- The new p-process database of KADoNiS (2010)
- The KADoNiS (Karlsruhe Astrophysical Database of Nucleosynthesis in Stars) project is an online database (www.kadonis.org) for cross sections relevant to the s-process and the p-process. The first version was an updated sequel to the previous Bao et al. [1] compilations from 1987 and 2000 for (n; g) cross sections relevant to Big Bang and s-process nucleosynthesis. The first update, KADoNiS v0.2, was published in 2006 [2]. It contained mainly Maxwellian averaged (n; g) cross sections relevant to the s-process, and some experimental charged particle induced reaction relevant to the p-process. After that a second update was presented in 2009 [3]. Recently, we started to collect and review all existing experimental data relevant for p-process nucleosynthesis and to provide a user-friendly database based on the KADoNiS framework. The p-process part of the KADoNiS database is currently being extended and will include all available experimental data from (p; g), (p;n), (p;a), (a,g), (a;n) and (a; p) reactions in or close to the respective Gamow window.

- Fluctuations in statistical models (2007)
- Proceedings of 4th International Workshop "Critical Point and Onset of Deconfinement", July 9-13, 2007, Darmstadt, Germany: The multiplicity fluctuations of hadrons are studied within the statistical hadron-resonance gas model in the large volume limit. The role of quantum statistics and resonance decay effects are discussed. The microscopic correlator method is used to enforce conservation of three charges - baryon number, electric charge, and strangeness - in the canonical ensemble. In addition, in the micro-canonical ensemble energy conservation is included. An analytical method is used to account for resonance decays. The multiplicity distributions and the scaled variances for negatively and positively charged hadrons are calculated for the sets of thermodynamical parameters along the chemical freeze-out line of central Pb+Pb (Au+Au) collisions from SIS to LHC energies. Predictions obtained within different statistical ensembles are compared with the preliminary NA49 experimental results on central Pb+Pb collisions in the SPS energy range. The measured fluctuations are significantly narrower than the Poisson ones and clearly favor expectations for the micro-canonical ensemble. Thus, this is a first observation of the recently predicted suppression of the multiplicity fluctuations in relativistic gases in the thermodynamical limit due to conservation laws.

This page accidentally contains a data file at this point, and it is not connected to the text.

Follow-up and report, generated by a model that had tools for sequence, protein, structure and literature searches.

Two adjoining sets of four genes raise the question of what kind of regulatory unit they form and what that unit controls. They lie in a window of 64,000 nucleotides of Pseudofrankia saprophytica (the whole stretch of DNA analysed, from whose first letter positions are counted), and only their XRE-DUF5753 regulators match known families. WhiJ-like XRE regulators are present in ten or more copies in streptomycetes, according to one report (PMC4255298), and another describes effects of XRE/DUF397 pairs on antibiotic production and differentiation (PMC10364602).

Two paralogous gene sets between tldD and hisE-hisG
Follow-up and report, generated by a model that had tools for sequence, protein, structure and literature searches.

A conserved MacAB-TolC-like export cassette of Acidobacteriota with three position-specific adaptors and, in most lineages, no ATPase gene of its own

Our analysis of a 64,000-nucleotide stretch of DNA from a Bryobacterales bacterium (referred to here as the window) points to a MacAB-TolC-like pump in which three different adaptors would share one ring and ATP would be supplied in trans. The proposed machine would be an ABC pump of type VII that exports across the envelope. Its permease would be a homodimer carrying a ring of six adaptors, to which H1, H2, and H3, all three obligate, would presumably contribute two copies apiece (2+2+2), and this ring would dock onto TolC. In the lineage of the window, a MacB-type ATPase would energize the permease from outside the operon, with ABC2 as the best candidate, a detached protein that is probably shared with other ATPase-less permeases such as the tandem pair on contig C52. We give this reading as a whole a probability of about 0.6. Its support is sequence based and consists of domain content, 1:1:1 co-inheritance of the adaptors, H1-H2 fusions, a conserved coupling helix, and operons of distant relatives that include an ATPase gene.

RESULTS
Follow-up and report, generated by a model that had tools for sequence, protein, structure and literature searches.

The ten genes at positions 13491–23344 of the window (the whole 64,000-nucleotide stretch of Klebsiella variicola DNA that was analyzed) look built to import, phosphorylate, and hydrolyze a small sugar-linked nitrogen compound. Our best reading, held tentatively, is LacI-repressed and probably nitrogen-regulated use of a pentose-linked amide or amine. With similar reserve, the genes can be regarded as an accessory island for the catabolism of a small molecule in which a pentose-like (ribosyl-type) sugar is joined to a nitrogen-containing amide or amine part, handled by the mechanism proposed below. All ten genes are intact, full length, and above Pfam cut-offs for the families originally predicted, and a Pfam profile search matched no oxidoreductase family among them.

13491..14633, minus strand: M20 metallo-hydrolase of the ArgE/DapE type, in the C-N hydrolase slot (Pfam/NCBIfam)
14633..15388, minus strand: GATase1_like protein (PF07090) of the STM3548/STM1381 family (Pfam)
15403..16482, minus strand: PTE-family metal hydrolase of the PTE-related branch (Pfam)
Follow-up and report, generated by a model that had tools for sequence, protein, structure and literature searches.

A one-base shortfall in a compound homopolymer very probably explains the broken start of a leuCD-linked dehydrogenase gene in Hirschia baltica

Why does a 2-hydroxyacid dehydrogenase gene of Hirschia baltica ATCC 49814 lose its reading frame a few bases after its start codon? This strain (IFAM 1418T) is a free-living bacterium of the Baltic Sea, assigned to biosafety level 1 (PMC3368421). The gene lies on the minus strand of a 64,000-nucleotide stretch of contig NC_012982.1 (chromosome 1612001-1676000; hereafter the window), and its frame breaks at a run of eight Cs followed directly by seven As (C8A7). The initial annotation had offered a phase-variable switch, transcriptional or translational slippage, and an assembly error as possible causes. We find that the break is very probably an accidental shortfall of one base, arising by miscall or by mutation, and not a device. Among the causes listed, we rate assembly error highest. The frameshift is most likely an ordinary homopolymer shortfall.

- Molecular dynamics simulations and docking of non-nucleoside reverse transcriptase inhibitors (NNRTIs): a possible approach to personalized HIV treatment : from 7th German Conference on Chemoinformatics: 25 CIC-Workshop Goslar, Germany, 6 - 8 November 2011 (2012)